Family of Snoopy's creator reclaims stake in $175m Peanuts deal

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The Independent Culture

Snoopy is back in familiar hands. A decade after Charles M Schulz drew Charlie Brown's legendary pet beagle for the last time, the family of the late cartoonist has reclaimed a stake in the Peanuts brand.

Current owners E W Scripps announced yesterday that they had struck a $175m (£115m) deal to sell United Media Licensing, a licensing unit that generates sales worth $2bn a year, with the bulk of that connected to the Peanuts characters.

The family of Mr Schulz, who died in 2000, will own 20 per cent of the Peanuts licensing rights, with the rest held by the Iconix Brand Group. Scripps will continue to syndicate the strip to newspapers.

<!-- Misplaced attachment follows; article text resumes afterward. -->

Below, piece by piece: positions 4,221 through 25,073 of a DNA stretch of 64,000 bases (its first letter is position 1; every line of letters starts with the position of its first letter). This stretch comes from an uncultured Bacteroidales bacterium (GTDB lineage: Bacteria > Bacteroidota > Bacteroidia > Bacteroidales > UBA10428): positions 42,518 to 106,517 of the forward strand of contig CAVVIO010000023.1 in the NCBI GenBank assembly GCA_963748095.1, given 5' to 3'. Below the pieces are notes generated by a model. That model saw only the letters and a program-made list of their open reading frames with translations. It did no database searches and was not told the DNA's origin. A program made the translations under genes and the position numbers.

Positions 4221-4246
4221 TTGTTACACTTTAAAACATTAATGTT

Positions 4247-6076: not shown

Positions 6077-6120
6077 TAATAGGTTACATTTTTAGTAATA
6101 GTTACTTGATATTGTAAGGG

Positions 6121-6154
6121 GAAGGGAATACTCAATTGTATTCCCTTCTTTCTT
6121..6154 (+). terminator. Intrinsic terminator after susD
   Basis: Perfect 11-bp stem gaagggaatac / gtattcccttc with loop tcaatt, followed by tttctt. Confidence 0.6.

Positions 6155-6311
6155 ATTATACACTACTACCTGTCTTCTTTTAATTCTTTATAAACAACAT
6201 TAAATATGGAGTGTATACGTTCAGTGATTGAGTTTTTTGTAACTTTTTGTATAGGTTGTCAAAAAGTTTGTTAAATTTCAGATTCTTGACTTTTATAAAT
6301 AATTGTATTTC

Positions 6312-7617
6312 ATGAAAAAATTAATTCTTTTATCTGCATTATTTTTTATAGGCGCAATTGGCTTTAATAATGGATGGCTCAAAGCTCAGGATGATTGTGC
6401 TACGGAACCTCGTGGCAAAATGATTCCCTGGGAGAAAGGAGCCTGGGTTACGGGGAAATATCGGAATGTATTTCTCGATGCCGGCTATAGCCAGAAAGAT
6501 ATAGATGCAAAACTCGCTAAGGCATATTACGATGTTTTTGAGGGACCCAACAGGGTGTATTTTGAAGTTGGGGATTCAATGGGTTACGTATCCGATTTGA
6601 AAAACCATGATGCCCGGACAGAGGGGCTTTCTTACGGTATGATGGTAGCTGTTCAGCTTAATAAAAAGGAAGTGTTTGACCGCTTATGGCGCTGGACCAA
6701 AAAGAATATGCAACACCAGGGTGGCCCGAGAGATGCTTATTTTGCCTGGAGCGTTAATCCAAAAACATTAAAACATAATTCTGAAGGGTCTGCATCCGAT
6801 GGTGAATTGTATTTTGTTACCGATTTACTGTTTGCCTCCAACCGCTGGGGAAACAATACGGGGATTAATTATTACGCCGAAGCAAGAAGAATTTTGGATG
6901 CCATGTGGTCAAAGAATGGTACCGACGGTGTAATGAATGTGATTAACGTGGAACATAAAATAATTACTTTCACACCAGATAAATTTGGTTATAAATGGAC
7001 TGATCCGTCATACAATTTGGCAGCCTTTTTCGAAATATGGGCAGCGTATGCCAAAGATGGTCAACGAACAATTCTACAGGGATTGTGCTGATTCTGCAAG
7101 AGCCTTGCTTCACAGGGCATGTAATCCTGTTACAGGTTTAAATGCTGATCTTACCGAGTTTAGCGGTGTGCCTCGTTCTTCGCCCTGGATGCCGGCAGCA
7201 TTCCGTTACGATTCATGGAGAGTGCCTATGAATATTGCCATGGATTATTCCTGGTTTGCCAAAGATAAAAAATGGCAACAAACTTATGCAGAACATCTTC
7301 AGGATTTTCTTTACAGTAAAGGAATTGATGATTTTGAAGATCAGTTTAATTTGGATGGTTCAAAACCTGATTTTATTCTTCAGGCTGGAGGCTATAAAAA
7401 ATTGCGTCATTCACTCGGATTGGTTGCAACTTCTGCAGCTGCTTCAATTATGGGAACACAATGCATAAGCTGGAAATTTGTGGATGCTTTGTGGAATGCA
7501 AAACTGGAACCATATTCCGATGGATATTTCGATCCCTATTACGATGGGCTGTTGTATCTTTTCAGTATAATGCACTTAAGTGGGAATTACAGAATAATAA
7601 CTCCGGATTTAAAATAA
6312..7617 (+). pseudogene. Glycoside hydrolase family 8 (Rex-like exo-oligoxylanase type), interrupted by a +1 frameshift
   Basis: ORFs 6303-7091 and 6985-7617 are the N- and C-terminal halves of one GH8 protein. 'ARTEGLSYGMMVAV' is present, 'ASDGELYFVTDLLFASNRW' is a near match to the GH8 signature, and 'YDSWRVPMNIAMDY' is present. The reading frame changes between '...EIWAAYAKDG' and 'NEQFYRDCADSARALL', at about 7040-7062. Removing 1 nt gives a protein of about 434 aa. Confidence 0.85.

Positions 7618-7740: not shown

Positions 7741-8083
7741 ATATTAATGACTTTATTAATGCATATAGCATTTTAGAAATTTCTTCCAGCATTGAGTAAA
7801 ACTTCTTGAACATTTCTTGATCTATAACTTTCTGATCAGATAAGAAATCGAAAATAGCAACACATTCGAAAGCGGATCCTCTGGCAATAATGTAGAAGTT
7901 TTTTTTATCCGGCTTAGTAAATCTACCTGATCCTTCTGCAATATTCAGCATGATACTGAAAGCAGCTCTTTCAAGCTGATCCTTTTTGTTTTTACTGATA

The Snoopy cartoon first hit the market in 1950. By the time its author retired in 1999, the strip was in more than 2,600 papers. Mr Schulz died the following year in February.

In a statement, Iconix said they expected to get roughly $75m a year in royalties from its new acquisition. "The Peanuts brand is iconic, with some of the most beloved and well-known characters in history," explained Neil Cole, the company's chairman.

Mr Schulz's son, Craig, also welcomed the deal. "Peanuts now has the best of both worlds – family ownership and the vision and resources of Iconix to perpetuate what my father created throughout the next century with all the goodwill his lovable characters bring," he said.